If you’re wondering whether we’re making progress on climate change, it depends on who you ask. It’s been a year defined by both triumphs of community resilience and of urgency prompted by broken climate records. But as much of the world looks for solutions to climate change, it’s easy to forget that one of the most immediate ways to address it is right in front of us: public spaces. To fight off the worst effects of climate change, we need to look to our parks and our streets for answers (Remember, the first Earth Day celebration took place right here, on the streets of New York City)!
On Earth Day weekend, members of PPS staff attended the annual Car-Free Earth Day on Broadway, to ask people to write down their answers to the question: “What would you do here if the street were car-free every day?” Photo by author.
Environmental challenges are also public space challenges. Cities that face air pollution and congestion because of auto-centric design are also unsafe for pedestrians and cyclists. Increasingly common heat waves pose significant risks to public health, while also making public spaces uninhabitable. There is no impact of climate change that will not be felt in public spaces around the world.
Public spaces are where we experience global environmental challenges at the human scale. By thinking about challenges like climate change as they pertain to places and people, we can use public spaces as tools for both lessening our collective contributions to climate change, and dealing with its imminent effects.
The sheer number of cyclists and rollerbladers/skaters taking over Broadway on Car-Free Earth Day was evidence of streets as a crucial part of the climate fight. Photo by author.
REDUCING IMPACTS: ENVIRONMENTAL BENEFITS OF PLACEMAKING
“Traffic congestion is caused by vehicles, not by people in themselves.” -Jane Jacobs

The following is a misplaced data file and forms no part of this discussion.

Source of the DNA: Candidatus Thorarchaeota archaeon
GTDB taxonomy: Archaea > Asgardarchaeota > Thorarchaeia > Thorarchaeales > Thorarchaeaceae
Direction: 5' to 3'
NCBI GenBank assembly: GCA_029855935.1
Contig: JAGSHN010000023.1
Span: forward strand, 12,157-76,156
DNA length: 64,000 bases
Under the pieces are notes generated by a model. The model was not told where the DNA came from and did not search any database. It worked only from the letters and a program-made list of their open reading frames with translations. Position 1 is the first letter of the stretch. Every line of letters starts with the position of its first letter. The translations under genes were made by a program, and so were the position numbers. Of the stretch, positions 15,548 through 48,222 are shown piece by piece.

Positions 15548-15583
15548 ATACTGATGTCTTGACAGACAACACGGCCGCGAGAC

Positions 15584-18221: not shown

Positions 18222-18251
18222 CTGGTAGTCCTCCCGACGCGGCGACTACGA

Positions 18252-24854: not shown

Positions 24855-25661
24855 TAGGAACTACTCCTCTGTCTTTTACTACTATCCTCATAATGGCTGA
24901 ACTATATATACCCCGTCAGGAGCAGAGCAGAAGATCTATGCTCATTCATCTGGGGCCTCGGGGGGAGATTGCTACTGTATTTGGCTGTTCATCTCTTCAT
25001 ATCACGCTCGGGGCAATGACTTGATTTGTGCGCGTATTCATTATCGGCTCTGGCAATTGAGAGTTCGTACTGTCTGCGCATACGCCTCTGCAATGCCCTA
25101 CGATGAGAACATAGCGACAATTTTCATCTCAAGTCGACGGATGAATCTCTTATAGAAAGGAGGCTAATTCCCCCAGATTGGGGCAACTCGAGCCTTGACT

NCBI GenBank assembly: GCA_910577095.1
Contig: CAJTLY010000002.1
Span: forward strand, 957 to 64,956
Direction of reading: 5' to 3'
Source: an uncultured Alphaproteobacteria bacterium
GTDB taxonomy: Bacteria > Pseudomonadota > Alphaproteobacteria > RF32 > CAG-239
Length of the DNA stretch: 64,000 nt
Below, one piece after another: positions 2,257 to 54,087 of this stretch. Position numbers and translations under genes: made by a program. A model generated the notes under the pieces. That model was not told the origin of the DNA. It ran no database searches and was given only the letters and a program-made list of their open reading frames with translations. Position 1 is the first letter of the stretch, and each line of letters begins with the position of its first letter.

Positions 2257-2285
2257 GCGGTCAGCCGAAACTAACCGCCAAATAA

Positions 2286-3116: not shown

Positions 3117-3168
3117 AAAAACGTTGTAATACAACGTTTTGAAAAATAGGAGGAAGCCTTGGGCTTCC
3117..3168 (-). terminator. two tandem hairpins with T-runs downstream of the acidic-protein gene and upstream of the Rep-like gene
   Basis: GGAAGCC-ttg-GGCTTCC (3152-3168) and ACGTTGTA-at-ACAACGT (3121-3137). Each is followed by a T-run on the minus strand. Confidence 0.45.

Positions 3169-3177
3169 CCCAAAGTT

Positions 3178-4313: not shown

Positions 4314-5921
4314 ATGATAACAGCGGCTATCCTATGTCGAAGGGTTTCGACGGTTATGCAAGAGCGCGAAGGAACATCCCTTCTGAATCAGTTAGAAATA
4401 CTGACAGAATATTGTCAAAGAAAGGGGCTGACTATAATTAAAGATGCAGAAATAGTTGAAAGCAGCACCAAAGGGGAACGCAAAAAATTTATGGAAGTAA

Our lifestyles are shaped by the places where our lives play out; our streets and parks have just as much a role in sustainable behaviors as our homes and places of work. It follows, then, that environmentalism begins with having great places to live out our environmental values. For us to take personal action against climate change, we need public spaces in which we can connect with nature, and perhaps on a more practical level, walk and bike. And that means moving away from auto-centric design to place-led development.
Mass transit and walkable, bike-friendly cities are among the top ways to mitigate the impacts of climate change. So, if streets are seen as places, they can be our best tool in shaping sustainable habits. On Earth Day weekend, PPS participated in New York City’s Car-Free Earth Day as part of a demonstration of what city streets can be without traffic—less than a day after city officials announced permanent car-free plans for NYC’s Central Park. When PPS asked passers-by what they’d use the street for instead of cars, the majority of people had fairly simple responses: They hoped to use the street as a safer place to walk, bike, or rollerblade. Further proof that people will choose low-carbon modes of transport, if given a safe, accessible place to do so.
An example of one Car-Free Earth Day participant’s vision for a Broadway without traffic. Photo by author.
BOUNCING BACK: RESILIENCE AS A FUNCTION OF PUBLIC SPACE
“Collaboration is critical for meeting the challenges of our new political and social reality… People is the first foundation, because where else should community resilience start but with the people who live there?” -Daniel Lerch, The Community Resilience Reader: Essential Resources for an Era of Upheaval
Resilience is a result of connections between people, not a physical feature of a place. So, as we adapt to a changing climate, public spaces are the key to strengthening the community ties that help us bounce back from disaster. That is why investing in quality public spaces is increasingly about nurturing communities. They foster social networks that strengthen neighborhoods, and as a result, become hubs for recovery after disasters like climate-exacerbated hurricanes and wildfires. Creating equitable, accessible spaces that attract interactions between all members of a community feeds directly into the type of deep resilience so necessary in an era of climate change.
For some communities, public space has taken on a new importance as they are forced to resettle due to rising waters or inhospitable conditions. In these increasingly common cases of displacement, making quality places in a new home is a matter of maintaining the identity of a given community. In times of displacement or dramatic change, public spaces are a unifier for communities.
Climate change is a complex challenge, but that doesn’t mean that all of its solutions have to be. By creating great places, we face some of the most immediate impacts of climate change, head-on. The fight for a better climate will take place on our streets and in our parks—so long as we make them the places where we engage with our environment, move and live in sustainable ways, and build up the social networks that make our communities resilient. It is time to take the conversation around our climate back to where it began: our public spaces.